Bioplastics: From Corn to Corner Shop

With plastics causing more and more issues globally, new replacement materials are in greater demand than ever before. Typical plastics serve near infinite purposes and can take virtually any form, but are made from nasty petrochemicals that are toxic and pollute the environment. One clever solution to the plastic problem is using bioplastics instead. Bioplastics, which are derived from plant sources, promise a world of similar plastic items, but with the capacity to decompose instead of be recycled. They’re made from plants instead of petroleum!

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In order to better understand the benefits and drawbacks of bioplastics, it is important to distinguish between a few definitions. Here are the vital ones:

Biodegradable: technically, all materials are biodegradable. Everything breaks down naturally into smaller and smaller bits, like rocks into sand. Common plastics supposedly take hundreds to thousands of years to biodegrade, that is, to return completely to constituent elements like carbon and water, but we have no evidence to support these guesses. Items that are considered biodegradable can also leave behind toxic residues.

Compostable: capable of breaking down completely and into non-toxic compounds. In the case of compostable bioplastics, special facilities are needed to maintain the right conditions for items to fully breakdown.

Bioplastic: any plastic made from plant-based sources. They can be completely or only partially biomass sourced. Corn and sugarcane provide the raw materials (starch and cellulose) to craft bioplastics.

Typical plastics are synthesized from oil. Plastics not only consume millions of barrels of oil annually but also persist in the environment for hundreds of years. The current system is harmful for numerous reasons, but is deeply established and will be hard to replace.

We’re great at producing plastics, but awful at recycling them. For more info on this, read this blog.

It’s been known for decades (since Wallace Carothers discovered PLA in the 1920’s) that plastics can be made from natural sources, but nobody bothered to develop industrial production capacity for more expensive raw materials (like biomass, corn, and sugarcane) when oil was--and is--so cheap.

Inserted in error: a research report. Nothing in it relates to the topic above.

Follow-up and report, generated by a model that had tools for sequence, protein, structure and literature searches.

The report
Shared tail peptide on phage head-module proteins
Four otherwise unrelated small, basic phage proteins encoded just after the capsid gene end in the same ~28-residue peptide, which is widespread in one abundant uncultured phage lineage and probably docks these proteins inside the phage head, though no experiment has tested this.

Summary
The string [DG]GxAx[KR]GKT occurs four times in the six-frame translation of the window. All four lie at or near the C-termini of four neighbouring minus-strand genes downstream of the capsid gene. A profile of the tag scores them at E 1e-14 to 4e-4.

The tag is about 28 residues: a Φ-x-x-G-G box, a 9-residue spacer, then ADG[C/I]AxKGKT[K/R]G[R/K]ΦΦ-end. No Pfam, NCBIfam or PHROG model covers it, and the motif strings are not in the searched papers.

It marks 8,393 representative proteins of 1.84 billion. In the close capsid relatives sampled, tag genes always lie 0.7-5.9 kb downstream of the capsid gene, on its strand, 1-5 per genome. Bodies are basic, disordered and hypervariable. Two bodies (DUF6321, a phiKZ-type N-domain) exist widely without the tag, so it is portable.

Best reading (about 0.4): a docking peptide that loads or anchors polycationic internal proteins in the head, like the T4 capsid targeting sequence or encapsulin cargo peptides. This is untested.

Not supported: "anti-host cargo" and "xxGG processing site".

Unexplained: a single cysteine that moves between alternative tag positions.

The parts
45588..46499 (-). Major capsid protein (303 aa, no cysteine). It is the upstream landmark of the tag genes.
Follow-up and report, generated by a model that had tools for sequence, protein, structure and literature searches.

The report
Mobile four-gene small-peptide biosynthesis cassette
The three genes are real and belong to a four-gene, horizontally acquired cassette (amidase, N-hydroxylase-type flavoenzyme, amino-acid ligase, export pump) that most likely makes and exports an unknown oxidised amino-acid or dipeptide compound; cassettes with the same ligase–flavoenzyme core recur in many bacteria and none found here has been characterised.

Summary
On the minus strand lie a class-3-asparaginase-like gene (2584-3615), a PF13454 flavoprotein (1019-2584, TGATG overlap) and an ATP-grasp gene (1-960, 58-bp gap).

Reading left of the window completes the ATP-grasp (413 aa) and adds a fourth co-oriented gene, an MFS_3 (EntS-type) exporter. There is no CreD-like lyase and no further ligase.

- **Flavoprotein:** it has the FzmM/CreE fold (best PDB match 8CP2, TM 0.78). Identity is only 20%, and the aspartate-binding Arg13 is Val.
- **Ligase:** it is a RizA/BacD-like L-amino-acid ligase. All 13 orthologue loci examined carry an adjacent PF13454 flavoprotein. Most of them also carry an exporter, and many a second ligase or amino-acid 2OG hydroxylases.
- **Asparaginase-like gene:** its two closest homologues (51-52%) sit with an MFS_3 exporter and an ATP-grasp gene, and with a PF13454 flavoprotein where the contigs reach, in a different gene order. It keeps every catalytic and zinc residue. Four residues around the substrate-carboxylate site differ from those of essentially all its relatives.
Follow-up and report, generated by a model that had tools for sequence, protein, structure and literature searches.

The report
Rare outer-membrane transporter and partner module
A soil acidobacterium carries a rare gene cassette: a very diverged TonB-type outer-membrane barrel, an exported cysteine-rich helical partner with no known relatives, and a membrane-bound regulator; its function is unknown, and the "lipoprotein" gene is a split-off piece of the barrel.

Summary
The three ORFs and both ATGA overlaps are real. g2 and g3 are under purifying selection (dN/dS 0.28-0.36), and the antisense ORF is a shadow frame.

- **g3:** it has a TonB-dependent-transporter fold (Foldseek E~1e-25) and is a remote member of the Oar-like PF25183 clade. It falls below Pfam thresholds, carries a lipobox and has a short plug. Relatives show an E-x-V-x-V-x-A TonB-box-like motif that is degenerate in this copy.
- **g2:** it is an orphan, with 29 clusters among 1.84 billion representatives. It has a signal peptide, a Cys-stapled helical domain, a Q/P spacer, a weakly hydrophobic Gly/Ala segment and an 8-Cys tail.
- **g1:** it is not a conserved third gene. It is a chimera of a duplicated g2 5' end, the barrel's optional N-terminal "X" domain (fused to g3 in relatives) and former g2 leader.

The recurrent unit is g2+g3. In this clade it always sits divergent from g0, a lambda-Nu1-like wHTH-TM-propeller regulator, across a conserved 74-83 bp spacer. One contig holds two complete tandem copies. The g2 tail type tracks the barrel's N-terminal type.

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Bioplastics are becoming more common and important today because their composition allows them to rot away. They also offer the same characteristics (rigid, light, capable of storing soda) as petrochemical plastics. The most common type of plant based plastic is Polylactic Acid (PLA). PLA is derived from plant starch and cellulose. It is completely compostable, and after ten to fourteen days at around 140ºF, only water, CO2, and heat will remain.

If a bioplastic is entirely compostable, it must be brought to a specialized site that maintains the proper conditions for complete decomposition. Bioplastics’ capacity to break down fairly quickly without any toxic residue make them ideal for replacing petroplastics.

It cannot all be so simple and obvious, unfortunately.

A worrisome attribute of bioplastics is that they have to be effectively collected, which has proven to be a problem with recyclables. If they aren’t collected and decomposed properly, they’ll sit around for decades. Additionally, if bioplastics are mixed into PET or other recyclable plastic bales, the whole bale can be unfit for reclamation and end up in a landfill. If bioplastics are only partially compostable, the compostable part cannot be separated from the rest (which is regular plastic), hence the whole item will be trashed.

Though bioplastics are a better alternative to standard plastics, they are far from perfect. The truth is, it’s unlikely that they’ll find their way to the proper composting facilities 100% of the time, just as recyclables don’t get recycled 100% of the time.

So what can you do?

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Identify your plastics! If you see this symbol , know that the item is compostable. Any other symbol or RIC number means the plastic is petroleum based and potentially recyclable.

Check online to see if your area has an industrial composting facility. If so, figure out where to deposit your compostables so they are collected properly. Never place PLA or other compostable bioplastics in the recycling!  

Know that you cannot simply toss a bioplastic and expect it to decompose. It needs specific conditions.

Otherwise, try to avoid plastics altogether. It’s hard, but there are ways to do it. Buy stuff packaged in glass or free of packaging completely.

The future of plastics is likely a combination of using more compostable bioplastics and reducing the overall inputs of all types of plastics into consumer markets. By reducing the amount produced, and properly managing the discarded plastics, be it recycling or composting, the tide of plastic waste will begin to slowly turn.

 

Clara von Dohlen